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Key Value API

Key Value API

The key value API allows you to record arbitrary values in a key value store.

Often you can just use in memory data structures to maintain your application's state because these data structures are durable with Golem. However, sometimes you will still want to use a more traditional key value store, for example because you expect the total size to be large.

This is where Golem's key value API comes in! It is based on https://github.com/WebAssembly/wasi-keyvalue (opens in a new tab) so it is fully open source and anyone can provide an implementation of it. When you run your program in Golem Cloud we provide an implementation that supports durable execution.

Golem's implementation of the key value API currently uses Redis, though all of the APIs abstract over different underlying key value providers. In the future we will allow users of Golem Cloud to select the key value provider they wish to use as well as other configuration options.

To use the key value API, first make sure to add the contents of the wit/deps folders from https://github.com/golemcloud/golem-wit (opens in a new tab) to your own wit/deps folder. You can then interact with the key value interface from your own code in whatever language you are working in.

Let's see what this looks like with an example. For this example we will create a simple service that lets us set arbitrary key value pairs in specified buckets and get those values, implemented using the key value API.

Our WIT file will look like this:

package golem:examples;

interface api {
  get: func(bucket: string, key: string) -> option<list<u8>>;

  set: func(bucket: string, key: string, value: list<u8>) -> ();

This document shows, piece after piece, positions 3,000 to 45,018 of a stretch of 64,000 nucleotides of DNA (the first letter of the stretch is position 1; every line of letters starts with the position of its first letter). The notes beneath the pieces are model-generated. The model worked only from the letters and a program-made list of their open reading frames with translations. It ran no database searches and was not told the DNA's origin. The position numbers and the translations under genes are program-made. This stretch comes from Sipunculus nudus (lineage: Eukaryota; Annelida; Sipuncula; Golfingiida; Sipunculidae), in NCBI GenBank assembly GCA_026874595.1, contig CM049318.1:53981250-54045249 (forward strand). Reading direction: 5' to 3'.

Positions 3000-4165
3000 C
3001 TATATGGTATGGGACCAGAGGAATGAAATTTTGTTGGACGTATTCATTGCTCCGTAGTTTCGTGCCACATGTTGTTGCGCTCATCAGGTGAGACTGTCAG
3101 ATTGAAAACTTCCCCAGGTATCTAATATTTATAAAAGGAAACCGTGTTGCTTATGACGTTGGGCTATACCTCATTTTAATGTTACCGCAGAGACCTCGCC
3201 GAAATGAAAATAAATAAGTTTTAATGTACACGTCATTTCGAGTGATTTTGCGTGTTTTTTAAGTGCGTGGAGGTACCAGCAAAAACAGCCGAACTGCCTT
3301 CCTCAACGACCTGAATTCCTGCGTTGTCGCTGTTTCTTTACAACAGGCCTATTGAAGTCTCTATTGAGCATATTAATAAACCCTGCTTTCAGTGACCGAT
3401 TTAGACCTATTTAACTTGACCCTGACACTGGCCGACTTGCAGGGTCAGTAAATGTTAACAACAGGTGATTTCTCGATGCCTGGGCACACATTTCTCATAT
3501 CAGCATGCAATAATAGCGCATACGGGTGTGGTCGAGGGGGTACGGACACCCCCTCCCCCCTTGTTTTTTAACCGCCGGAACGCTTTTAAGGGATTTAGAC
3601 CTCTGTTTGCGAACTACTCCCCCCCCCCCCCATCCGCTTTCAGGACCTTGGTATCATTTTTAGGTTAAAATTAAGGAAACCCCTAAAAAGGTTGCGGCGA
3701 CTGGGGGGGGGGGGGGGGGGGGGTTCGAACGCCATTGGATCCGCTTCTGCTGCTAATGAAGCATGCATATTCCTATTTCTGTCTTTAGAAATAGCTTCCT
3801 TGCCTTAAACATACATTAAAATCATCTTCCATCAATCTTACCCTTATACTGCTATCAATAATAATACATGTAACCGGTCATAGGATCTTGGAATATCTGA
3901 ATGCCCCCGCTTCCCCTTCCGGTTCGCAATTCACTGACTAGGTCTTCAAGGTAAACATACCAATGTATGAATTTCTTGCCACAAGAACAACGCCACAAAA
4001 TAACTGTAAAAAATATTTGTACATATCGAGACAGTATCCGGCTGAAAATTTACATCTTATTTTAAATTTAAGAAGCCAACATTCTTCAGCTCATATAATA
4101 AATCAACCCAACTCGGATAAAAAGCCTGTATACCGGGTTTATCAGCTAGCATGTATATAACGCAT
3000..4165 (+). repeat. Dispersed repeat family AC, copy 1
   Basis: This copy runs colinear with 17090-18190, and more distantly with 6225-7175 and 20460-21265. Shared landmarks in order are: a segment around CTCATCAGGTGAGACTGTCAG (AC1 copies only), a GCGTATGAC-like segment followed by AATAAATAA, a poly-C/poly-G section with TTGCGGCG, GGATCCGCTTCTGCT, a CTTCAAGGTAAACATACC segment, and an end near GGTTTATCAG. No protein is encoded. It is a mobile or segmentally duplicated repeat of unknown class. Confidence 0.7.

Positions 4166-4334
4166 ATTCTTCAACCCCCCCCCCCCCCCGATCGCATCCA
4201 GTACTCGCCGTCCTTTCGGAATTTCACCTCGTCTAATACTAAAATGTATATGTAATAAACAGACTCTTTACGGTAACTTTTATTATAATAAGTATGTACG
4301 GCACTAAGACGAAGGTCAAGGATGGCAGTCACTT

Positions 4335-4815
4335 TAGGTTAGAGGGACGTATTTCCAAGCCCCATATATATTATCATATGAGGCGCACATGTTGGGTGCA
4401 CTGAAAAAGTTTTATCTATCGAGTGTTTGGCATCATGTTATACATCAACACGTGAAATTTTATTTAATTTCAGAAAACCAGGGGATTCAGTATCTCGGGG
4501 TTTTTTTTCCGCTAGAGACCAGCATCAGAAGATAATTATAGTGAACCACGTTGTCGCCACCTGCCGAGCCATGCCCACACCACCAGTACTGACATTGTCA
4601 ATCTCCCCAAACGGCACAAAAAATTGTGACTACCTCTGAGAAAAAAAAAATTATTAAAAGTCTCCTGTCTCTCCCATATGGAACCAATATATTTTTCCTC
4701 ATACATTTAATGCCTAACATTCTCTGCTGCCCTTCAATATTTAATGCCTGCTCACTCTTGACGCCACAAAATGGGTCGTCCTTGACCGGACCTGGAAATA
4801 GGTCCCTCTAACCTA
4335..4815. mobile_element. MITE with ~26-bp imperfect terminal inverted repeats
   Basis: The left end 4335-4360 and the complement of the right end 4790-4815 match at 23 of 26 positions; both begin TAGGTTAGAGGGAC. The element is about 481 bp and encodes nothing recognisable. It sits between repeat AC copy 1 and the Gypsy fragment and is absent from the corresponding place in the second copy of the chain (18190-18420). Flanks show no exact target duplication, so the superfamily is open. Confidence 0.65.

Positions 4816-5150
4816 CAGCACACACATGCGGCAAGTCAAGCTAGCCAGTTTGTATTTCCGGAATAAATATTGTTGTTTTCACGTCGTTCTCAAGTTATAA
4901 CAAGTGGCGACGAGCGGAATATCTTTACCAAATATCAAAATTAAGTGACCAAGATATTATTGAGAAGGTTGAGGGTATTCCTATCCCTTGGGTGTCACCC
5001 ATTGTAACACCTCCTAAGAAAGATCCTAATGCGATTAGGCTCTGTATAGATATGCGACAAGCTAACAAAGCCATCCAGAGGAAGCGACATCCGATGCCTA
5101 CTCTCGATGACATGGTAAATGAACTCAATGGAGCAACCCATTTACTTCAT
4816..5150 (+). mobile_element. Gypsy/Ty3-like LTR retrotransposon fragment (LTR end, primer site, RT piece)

world key-value-example {
  import wasi:keyvalue/readwrite;
  export api;

Notice that we imported the wasi:keyvalue/readwrite functionality. WASI Key Value includes a variety of interfaces for simple read / write operations, batch operations, atomic operations, and even caching.


Golem supports the readwrite and batch interfaces right now. Support for additional interfaces will be provided in the future.


The WASI Key Value interface is still in the proposal stage and is likely to change in the future. Some of the interfaces have already been modified based on feedback from the Golem team.

Now that we have our interface we are ready to implement it. Let's take a look at how we would do that:

use crate::bindings::exports::golem::examples::api::*;
use crate::bindings::wasi::keyvalue::readwrite::*;
use crate::bindings::wasi::keyvalue::types::*;
use crate::bindings::wasi::keyvalue::wasi_cloud_error::*;
struct Component;
impl Guest for Component {
    fn get(bucket: String, key: String) -> Option<Vec<u8>> {
        let bucket = Bucket::open_bucket(&bucket).unwrap();
        match get(bucket, &key) {
            Ok(incoming_value) => {
                let value = incoming_value.incoming_value_consume_sync().unwrap();
            Err(error) => {
                let trace = error.trace();
                if trace == "Key not found" {
                } else {
                    panic!("Unexpected error: {}", trace);
    fn set(bucket: String, key: String, value: Vec<u8>) {
        let bucket = Bucket::open_bucket(&bucket).unwrap();
        let outgoing_value = OutgoingValue::new_outgoing_value();
        set(bucket, &key, outgoing_value).unwrap()

To set a value we first open a bucket, then create an outgoing value that will contain the value we want to write. We then write our value to the outgoing value and finally set it in the key value store.

Similarly to get a value we open a bucket, then get the value at the corresponding key. WASI Key Value currently returns an error if the key does not exist, so we introspect on the value and either return None if the key does not exist or retail with the error if another error occurred.

And there we have it! We have taken advantage of key value functionality in our own program with a few lines of code and without having to stand up any infrastructure of our own.